Chart 2.2 Employment Gains Concentrated in Full-Time, Private-Sector, Above-Average Wage Jobs

The pace of job creation in Ontario since June 2009 has been stronger than in most developed economies, including the United States and the average for member countries in the Organisation for Economic Co-operation and Development (OECD). In addition, the pace of job creation in Ontario since June 2009 is ahead of all the Great Lakes States and the rest of Canada combined.

Chart 2.3 Ontario Job Recovery Ahead of U.S. and OECD Average

Global Economic Developments and Outlook

The global economy continues to grow at a modest rate. However, real GDP growth is expected to slow from 3.2 per cent in 2012 to 2.9 per cent this year. In the United States, tax increases and spending cuts have been a significant drag on overall growth while the European economy is only just emerging from a six-quarter-long recession. The pace of growth in the major emerging market economies has also weakened, in part due to increased financial volatility, a reflection of the anticipated reduction of exceptional monetary stimulus, or “tapering,” in the United States.

Global economic growth is projected to improve in 2014. Economic growth in the United States is expected to gradually strengthen. Europe is also expected to sustain a modest recovery, although weak demand, high unemployment rates and fiscal challenges continue to pose significant risks. China’s growth is expected to remain relatively robust, even as it transitions to a more consumption-based economy. Other emerging markets are expected to strengthen, as they benefit from stronger growth in global demand.

Chart 2.4 Global Economic Growth to Improve

U.S. Economy

The U.S. economy grew at an uneven pace in the first half of 2013 as it adjusted to higher taxes, spending cuts and volatile financial markets. However, the underlying momentum of the U.S. economy has proven resilient. Employment gains, averaging about 180,000 jobs per month so far this year, have supported stronger household consumption. Motor vehicle sales have rebounded and the housing market remains on an upward trend.

Long-term interest rates have increased since April, reflecting market expectations of a withdrawal of monetary stimulus by the U.S. Federal Reserve. The 10-year Treasury yield rose from a low of 1.7 per cent in April to a peak of 3.0 per cent in early September. Interest rates have partially retraced this increase, reflecting revised expectations that the Federal Reserve will postpone the start of “tapering.”

U.S. house prices are now about 16 per cent above their recent lows. Steady employment gains and higher housing and equity prices have helped repair consumer balance sheets. Household net worth has more than recovered from the impact of the recession, helping to support consumer spending and residential investment.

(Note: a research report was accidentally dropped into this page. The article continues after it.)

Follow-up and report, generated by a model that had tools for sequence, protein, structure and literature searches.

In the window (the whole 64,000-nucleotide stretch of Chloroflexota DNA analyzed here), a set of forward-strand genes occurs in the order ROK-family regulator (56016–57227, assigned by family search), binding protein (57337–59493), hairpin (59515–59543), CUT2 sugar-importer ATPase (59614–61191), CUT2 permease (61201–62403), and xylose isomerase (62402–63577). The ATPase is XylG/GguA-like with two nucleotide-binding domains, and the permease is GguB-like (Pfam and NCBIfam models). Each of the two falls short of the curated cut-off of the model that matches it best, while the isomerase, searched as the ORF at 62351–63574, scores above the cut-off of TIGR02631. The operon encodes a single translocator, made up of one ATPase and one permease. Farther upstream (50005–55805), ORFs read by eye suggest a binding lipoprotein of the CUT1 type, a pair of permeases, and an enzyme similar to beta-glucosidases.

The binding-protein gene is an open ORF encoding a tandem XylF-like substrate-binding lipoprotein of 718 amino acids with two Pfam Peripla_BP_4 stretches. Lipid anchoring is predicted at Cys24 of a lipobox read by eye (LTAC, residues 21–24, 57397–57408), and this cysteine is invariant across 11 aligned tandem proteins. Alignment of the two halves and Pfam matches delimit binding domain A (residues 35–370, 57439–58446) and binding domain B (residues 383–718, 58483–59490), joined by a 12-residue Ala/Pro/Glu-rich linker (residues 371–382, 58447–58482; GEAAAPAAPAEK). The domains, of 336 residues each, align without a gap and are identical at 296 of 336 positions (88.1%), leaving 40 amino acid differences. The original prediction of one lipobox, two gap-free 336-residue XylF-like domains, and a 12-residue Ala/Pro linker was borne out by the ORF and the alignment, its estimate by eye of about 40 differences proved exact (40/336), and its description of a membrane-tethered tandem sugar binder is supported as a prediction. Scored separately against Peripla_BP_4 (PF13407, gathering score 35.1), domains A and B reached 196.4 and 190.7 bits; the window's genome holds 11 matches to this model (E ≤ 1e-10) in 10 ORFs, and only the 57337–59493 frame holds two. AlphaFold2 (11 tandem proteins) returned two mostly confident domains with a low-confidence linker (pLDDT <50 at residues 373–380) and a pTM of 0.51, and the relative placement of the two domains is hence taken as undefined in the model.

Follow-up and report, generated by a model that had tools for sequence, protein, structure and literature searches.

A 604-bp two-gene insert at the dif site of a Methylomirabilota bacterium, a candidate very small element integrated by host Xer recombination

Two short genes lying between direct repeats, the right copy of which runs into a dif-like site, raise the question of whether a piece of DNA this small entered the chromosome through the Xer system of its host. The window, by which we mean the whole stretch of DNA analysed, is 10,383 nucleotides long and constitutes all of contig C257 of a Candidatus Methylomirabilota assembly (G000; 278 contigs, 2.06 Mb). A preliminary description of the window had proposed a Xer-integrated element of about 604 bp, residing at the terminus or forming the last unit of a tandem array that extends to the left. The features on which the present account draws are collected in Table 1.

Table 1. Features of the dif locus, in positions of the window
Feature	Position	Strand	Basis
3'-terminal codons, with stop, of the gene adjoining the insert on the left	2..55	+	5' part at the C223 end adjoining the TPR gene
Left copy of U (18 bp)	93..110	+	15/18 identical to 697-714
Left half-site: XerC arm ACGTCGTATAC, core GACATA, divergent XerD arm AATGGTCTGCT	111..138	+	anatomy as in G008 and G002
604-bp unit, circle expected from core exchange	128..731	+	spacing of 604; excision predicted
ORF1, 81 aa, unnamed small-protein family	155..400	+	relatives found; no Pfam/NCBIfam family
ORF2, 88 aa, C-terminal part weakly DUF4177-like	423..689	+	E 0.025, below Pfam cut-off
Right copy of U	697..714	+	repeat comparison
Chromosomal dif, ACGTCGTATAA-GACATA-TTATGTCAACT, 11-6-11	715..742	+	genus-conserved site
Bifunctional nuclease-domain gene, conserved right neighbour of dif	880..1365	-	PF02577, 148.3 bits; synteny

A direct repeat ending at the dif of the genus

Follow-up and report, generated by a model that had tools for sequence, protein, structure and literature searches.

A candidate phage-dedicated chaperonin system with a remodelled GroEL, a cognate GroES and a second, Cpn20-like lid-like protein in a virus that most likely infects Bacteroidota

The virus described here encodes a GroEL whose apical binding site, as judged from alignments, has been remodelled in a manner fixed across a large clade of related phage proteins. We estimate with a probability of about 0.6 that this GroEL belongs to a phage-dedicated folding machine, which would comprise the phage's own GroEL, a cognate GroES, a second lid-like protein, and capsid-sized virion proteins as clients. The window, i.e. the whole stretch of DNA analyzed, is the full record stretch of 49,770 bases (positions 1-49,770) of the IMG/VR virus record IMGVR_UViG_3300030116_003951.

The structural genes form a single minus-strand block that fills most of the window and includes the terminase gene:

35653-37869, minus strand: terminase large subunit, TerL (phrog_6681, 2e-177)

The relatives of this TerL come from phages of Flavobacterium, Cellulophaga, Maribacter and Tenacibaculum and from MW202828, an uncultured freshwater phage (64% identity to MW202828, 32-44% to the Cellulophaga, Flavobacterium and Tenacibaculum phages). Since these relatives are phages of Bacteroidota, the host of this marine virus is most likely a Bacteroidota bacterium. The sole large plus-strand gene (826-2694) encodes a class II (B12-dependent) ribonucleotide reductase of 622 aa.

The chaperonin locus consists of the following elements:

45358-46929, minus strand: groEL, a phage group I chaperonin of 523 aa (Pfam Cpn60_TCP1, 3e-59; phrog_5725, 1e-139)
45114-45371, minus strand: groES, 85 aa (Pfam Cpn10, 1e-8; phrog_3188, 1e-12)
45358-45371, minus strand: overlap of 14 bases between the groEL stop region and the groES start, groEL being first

Chart 2.5 Strengthening U.S. Recovery

U.S. real GDP is expected to increase by 1.6 per cent this year and to average 2.8 per cent growth over the 2014–16 period. Employment is expected to improve modestly, with the unemployment rate declining from 7.5 per cent in 2013 to 6.1 per cent by 2016.

Although the markets for Ontario exports have become more diversified in recent years, the United States remains by far Ontario’s largest trading partner. It was the destination for about 78 per cent of the province’s international merchandise exports in 2012. Ontario exports of motor vehicles and parts to the United States totalled $54.5 billion and accounted for about 34 per cent of Ontario’s merchandise exports in 2012. U.S. motor vehicle sales are expected to reach 15.6 million units in 2013, up 8.0 per cent from 2012, and to increase to 16.4 million units by 2016, providing a buoyant market for Ontario exports.

Oil Prices

The price of West Texas Intermediate (WTI) crude oil has averaged $98 US per barrel so far this year, up from $94 US in 2012. North American oil production is expected to increase strongly in the near term, the result of technological innovations in the oil sector. However, despite these increases, strengthening global demand combined with high recovery costs will keep oil prices at relatively high levels over the forecast period. Oil prices are forecast to average $98 US per barrel in 2014, with private-sector forecasts ranging from $93 US to $108 US per barrel.

Chart 2.6 Oil Prices to Remain High

The Canadian Dollar

The Canadian dollar has edged down from close to parity in 2012 to an average of 98 cents US so far in 2013. The dollar is expected to remain just below parity over the medium term, although there is a wide divergence of views on the outlook for the currency. Private-sector forecasts for the Canada–U.S. dollar exchange rate in 2016 range from a high of 103 cents US to a low of 93 cents US.

Chart 2.7 Canadian Dollar to Remain Close to Parity

Financial Markets